It’s nonsense, of course. It’s a fact that people are constantly darting or sauntering through intersections against the signal, crossing midblock far from the relative safety of a crosswalk, texting with their heads down. We all do it. Only tourists from the Midwest, or from countries with a more obedient populace, seem to wait patiently on the curb. The city’s statistics quantify the dangerousness of our impatience and inattention. It would be reckless to ignore them.

After I saw the post, the main question I had was “Why?” Why is it so important to the transit union to assign fault to people who get struck by drivers? To blame the same people who are walking to catch the train or the bus.

Sure, the union wants to exempt bus drivers from the Right of Way Law, but that law doesn’t protect people crossing “against the signal, crossing midblock far from the relative safety of the crosswalk.” It only applies to drivers who harm people following all the rules. The post doesn’t defend a particular position of the union, it just inflames people who don’t believe in blaming pedestrians when they are injured or killed in traffic.

The post only makes sense as pure provocation — reviving the Right of Way Law animosities by stirring things up between street safety advocates and the union. Well played, and sure, I’ll bite.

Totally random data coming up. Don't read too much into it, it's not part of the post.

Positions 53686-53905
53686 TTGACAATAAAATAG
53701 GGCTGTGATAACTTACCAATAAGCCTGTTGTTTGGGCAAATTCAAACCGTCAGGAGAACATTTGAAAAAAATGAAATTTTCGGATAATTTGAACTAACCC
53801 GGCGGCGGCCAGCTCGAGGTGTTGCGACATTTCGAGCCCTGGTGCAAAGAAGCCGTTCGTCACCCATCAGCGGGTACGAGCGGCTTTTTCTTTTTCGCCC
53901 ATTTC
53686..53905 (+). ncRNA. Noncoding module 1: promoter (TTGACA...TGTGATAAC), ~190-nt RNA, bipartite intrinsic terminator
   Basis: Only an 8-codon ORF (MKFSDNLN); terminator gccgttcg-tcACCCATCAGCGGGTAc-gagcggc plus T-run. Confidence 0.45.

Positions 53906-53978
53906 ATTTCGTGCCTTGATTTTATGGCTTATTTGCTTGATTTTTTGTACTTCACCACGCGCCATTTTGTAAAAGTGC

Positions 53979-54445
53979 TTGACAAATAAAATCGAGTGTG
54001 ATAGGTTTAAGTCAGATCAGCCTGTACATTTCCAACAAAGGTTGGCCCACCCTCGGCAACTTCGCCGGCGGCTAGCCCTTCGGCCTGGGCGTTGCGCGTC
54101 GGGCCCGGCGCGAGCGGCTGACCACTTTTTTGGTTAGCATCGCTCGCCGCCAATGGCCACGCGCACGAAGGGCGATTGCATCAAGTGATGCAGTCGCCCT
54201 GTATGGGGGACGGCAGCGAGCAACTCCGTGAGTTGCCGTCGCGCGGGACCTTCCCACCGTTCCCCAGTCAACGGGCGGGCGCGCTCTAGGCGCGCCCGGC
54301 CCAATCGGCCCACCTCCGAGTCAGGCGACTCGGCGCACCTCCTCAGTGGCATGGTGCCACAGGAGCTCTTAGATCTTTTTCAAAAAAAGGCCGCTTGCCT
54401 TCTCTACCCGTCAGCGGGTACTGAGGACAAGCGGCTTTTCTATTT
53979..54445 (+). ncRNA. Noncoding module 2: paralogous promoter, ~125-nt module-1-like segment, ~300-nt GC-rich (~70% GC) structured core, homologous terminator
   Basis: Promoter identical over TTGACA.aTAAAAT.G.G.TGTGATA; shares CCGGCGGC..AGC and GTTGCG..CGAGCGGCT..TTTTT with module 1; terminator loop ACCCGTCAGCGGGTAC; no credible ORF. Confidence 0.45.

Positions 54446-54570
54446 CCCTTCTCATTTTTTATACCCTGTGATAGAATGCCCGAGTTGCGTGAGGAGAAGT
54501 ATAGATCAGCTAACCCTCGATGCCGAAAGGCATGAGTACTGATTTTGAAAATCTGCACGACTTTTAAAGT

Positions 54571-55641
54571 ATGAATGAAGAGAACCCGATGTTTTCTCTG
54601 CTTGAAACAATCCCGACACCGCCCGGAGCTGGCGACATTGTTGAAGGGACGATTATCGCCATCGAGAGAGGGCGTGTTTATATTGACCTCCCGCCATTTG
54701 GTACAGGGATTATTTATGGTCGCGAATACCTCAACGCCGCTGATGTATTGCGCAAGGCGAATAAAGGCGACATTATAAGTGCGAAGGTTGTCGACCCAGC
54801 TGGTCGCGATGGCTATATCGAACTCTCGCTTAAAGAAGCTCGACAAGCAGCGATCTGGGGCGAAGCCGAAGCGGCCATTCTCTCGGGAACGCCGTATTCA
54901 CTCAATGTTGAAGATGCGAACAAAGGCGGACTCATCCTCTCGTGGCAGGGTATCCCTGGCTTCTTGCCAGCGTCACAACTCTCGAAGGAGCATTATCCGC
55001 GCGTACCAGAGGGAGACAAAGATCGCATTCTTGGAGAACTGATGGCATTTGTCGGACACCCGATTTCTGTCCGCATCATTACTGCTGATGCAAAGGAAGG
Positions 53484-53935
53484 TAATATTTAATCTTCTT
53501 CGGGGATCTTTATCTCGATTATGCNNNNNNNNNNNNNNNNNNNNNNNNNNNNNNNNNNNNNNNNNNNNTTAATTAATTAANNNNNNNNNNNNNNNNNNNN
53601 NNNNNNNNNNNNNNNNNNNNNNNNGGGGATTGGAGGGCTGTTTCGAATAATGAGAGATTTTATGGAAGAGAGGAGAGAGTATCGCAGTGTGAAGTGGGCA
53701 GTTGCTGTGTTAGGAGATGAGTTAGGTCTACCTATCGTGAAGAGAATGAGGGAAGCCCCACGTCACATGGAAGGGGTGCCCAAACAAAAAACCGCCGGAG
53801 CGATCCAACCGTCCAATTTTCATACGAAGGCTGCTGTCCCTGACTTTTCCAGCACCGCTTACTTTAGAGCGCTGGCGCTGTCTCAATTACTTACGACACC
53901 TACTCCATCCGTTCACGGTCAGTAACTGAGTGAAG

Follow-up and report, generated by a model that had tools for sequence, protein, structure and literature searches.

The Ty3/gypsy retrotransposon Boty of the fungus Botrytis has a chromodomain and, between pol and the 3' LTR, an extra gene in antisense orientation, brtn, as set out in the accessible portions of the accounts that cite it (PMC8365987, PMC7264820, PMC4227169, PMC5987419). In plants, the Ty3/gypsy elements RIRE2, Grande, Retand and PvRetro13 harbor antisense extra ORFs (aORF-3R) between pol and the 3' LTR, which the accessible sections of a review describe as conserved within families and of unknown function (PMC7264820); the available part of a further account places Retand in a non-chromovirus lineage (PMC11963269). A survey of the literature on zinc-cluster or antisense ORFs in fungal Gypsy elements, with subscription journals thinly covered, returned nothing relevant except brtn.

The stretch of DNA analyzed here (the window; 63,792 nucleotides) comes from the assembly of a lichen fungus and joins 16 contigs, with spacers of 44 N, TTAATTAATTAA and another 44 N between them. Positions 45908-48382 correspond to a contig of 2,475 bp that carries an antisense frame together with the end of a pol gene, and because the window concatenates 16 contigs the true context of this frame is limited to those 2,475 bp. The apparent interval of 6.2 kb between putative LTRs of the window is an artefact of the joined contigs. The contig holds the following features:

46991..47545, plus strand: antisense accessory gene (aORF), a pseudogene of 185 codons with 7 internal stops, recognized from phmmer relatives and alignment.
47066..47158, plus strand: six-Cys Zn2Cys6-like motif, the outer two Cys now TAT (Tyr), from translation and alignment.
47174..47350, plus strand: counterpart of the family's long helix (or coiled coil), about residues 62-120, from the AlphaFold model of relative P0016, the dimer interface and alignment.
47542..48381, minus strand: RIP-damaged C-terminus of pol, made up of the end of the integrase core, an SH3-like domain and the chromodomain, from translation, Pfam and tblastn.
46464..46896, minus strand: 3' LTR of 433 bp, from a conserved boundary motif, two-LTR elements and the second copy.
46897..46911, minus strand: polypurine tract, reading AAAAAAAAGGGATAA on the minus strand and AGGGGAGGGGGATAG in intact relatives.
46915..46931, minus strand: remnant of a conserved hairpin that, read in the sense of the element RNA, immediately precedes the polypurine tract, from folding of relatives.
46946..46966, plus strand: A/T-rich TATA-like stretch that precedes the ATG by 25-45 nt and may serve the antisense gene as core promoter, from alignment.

Donohue asked via Twitter today why Streetsblog “ignores” stats in the city’s Vision Zero report that indicate “pedestrian error” contributes to a significant share of serious crashes in NYC. (For the record, here’s our post from the day that report was released.)

There’s a simple reason Streetsblog doesn’t spend time harping on pedestrian behavior — it wouldn’t help anyone. America already has a vast educational apparatus devoted to inculcating fear of dangerous traffic at a very young age. There are little rhyming catchphrases, mountains of pamphlets and flyers, and grade-school curricula that impart the rules of the road for pedestrians.

In fact we’ve probably taken this too far. The received wisdom among most American law enforcement agencies still seems to be that most people who get injured or killed while walking had it coming, and the best thing to do about the problem is hand out some jaywalking tickets.